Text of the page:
Reviews

Jack and Jill

By Tom Brennan November 11th 2011, PG, 86min, Sony Pictures
Jack and Jill


Once again, Adam Sandler has released his worst movie to date. This time it’s the nauseating “Jack and Jill” in which Sandler graces the silver screen in a dual role. Sandler seems content in striving for the lowest form of humor possible with each of his consecutive releases, and on that front he succeeds admirably here. However, “Jack and Jill” will pose as a challenge for his future ventures as there no longer seems to be room to sink any lower.

The collected works of Adam Sandler all seem to have a checklist of various insipid elements that provide the films with a sort of asinine template to follow. These staples of a true Adam Sandler film are checked off accordingly in “Jack and Jill”. They include annoying and unlikeable characters (usually portrayed by Sandler), heavy doses of bathroom humor, embarrassing cameos by celebrities who should know better (Johnny Depp takes a turn here), awkward crowd scenes where hoards of random strangers appear to be in awe of whatever Sandler’s characters are up to, a failed attempt at sentimentality late in the film and glaringly shameless and offensive bits of product placement throughout the movie. That last one gets amped up to a shocking degree in “Jack and Jill” with Dunkin’ Donuts getting the award for the most transparent and offensive client.

“Jack and Jill” is nothing more than a showcase for Adam Sandler’s increasingly annoying shtick, however there is an obligatory plot. Sandler plays Jack Sadelstein, a successful Hollywood advertising executive who dreads Thanksgiving as much as most of us dread the prospect of a new Adam Sandler movie. The reason for this is that the holiday brings about the visit of his twin sister, Jill (also played by Sandler). Jill is annoying, obnoxious, needy and passive-aggressive (not to mention gross). As her initial weekend visit stretches into a month she becomes a constant annoyance to Jack.

Jill is a repulsive human being in every sense and does things no normal person would ever think about doing, let alone actually doing them. Her companion is a talking parrot named Poopsie (voiced by Sandler) who goes for even dumber laughs than the ones attempted by his human counterparts. Jack has a wife and two kids who don’t seem to be as annoyed by Jill. Katie Holmes plays Jack’s wife, Erin and is essentially human wallpaper in the movie as she barely speaks or reacts to anything going on. Rounding out the cast is an obsessive suitor who’s after Jill named Al Pacino. Yes, Al Pacino… that Al Pacino.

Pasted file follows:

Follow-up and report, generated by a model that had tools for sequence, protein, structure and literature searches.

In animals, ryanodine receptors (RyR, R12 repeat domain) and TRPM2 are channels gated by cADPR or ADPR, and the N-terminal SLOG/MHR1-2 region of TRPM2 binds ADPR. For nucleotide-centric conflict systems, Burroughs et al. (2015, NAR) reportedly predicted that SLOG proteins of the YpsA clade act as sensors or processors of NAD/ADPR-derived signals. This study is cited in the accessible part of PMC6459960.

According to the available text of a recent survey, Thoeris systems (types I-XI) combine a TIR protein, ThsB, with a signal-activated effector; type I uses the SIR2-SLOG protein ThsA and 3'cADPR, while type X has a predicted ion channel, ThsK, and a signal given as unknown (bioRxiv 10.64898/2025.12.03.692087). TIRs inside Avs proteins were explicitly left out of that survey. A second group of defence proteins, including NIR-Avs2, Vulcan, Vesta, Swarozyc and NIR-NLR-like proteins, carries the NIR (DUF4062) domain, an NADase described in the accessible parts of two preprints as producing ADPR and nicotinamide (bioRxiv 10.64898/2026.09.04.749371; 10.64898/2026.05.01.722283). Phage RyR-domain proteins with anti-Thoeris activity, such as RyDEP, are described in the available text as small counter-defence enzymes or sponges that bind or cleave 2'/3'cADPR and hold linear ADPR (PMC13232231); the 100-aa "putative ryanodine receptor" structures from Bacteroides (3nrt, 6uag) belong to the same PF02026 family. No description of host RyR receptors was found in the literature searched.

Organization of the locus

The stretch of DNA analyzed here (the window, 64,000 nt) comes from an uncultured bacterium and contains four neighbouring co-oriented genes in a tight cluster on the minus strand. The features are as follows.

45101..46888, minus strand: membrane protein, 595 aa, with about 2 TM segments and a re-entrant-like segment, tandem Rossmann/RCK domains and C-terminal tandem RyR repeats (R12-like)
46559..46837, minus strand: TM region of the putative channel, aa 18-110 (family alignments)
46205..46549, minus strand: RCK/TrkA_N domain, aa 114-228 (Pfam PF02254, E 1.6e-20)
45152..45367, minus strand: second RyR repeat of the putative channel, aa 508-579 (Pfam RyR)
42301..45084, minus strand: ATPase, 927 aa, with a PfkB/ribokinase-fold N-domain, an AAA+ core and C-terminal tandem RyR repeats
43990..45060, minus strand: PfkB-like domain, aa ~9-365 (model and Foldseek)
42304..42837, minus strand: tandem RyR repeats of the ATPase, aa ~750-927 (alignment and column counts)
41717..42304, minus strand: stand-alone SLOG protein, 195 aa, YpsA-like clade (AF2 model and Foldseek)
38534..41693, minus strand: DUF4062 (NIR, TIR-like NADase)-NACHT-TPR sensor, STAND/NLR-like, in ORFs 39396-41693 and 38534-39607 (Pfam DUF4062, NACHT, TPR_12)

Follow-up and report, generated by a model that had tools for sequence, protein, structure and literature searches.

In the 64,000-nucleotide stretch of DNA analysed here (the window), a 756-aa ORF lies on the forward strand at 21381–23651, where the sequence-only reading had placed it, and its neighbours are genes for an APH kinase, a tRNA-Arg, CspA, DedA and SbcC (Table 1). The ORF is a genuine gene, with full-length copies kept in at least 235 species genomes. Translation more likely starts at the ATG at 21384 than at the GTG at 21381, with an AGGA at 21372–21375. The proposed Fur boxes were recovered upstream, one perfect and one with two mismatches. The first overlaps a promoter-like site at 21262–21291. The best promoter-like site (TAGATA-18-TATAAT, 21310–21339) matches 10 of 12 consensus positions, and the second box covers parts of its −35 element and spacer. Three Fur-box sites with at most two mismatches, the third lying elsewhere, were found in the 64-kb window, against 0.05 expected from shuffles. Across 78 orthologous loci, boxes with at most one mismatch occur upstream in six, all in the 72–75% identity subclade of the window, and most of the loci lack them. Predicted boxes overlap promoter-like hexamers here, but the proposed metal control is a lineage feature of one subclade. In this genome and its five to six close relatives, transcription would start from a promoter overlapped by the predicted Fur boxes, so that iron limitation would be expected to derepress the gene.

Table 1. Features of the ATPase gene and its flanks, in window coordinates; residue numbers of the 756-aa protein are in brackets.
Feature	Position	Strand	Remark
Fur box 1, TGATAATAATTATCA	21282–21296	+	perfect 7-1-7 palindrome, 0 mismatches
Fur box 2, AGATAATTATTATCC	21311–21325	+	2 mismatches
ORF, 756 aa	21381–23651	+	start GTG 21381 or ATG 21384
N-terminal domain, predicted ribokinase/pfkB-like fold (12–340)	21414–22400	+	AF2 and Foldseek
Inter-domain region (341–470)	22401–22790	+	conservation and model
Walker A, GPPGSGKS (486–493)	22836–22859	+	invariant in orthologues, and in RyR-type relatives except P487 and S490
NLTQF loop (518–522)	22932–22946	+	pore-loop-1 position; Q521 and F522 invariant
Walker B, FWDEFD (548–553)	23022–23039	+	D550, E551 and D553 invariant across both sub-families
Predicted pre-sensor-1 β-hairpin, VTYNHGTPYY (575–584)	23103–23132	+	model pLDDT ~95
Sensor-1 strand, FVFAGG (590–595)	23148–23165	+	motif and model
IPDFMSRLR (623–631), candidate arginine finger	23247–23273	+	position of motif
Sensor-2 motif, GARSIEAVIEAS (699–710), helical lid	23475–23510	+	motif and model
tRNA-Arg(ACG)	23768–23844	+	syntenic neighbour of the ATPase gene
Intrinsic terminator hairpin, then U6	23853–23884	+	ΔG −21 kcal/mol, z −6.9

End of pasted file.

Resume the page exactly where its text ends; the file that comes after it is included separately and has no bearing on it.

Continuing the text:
Remember when 2002’s “S1m0ne” was considered Pacino’s career low point? That film has now been given a considerable bump in its standing with the release of “Jack and Jill”. Pacino doesn’t just appear in an extended cameo in the film either; he’s a full supporting character with a lot of screen time. Pacino plays himself (or an insane version of himself) in a performance that can only be described as cringe inducing. In the movie, Pacino is deliriously in love with Jill (Sandler) based on the fact that she’s from the Bronx and he feels they share a connection. Jill has no interest in Pacino, which only makes Al more aggressive and leads to some truly awful courting scenes.

Although Pacino doesn’t take the role too seriously, he doesn’t exactly wink at the camera either. Pacino embarrasses himself and his legacy throughout “Jack and Jill” even going so far as to quote “The Godfather” at one point. Oh, and he raps, we can’t forget that. Al Pacino raps and dances in “Jack and Jill” to put the rancid icing on the already deflated cake. Perhaps Pacino thought it would be fun to play a version of himself in a comedy, it’s also possible that he owed Sandler a favor, or maybe he lost a bet to his agent. Regardless of his reasoning for appearing in “Jack and Jill”, this may take a while for him to recover from.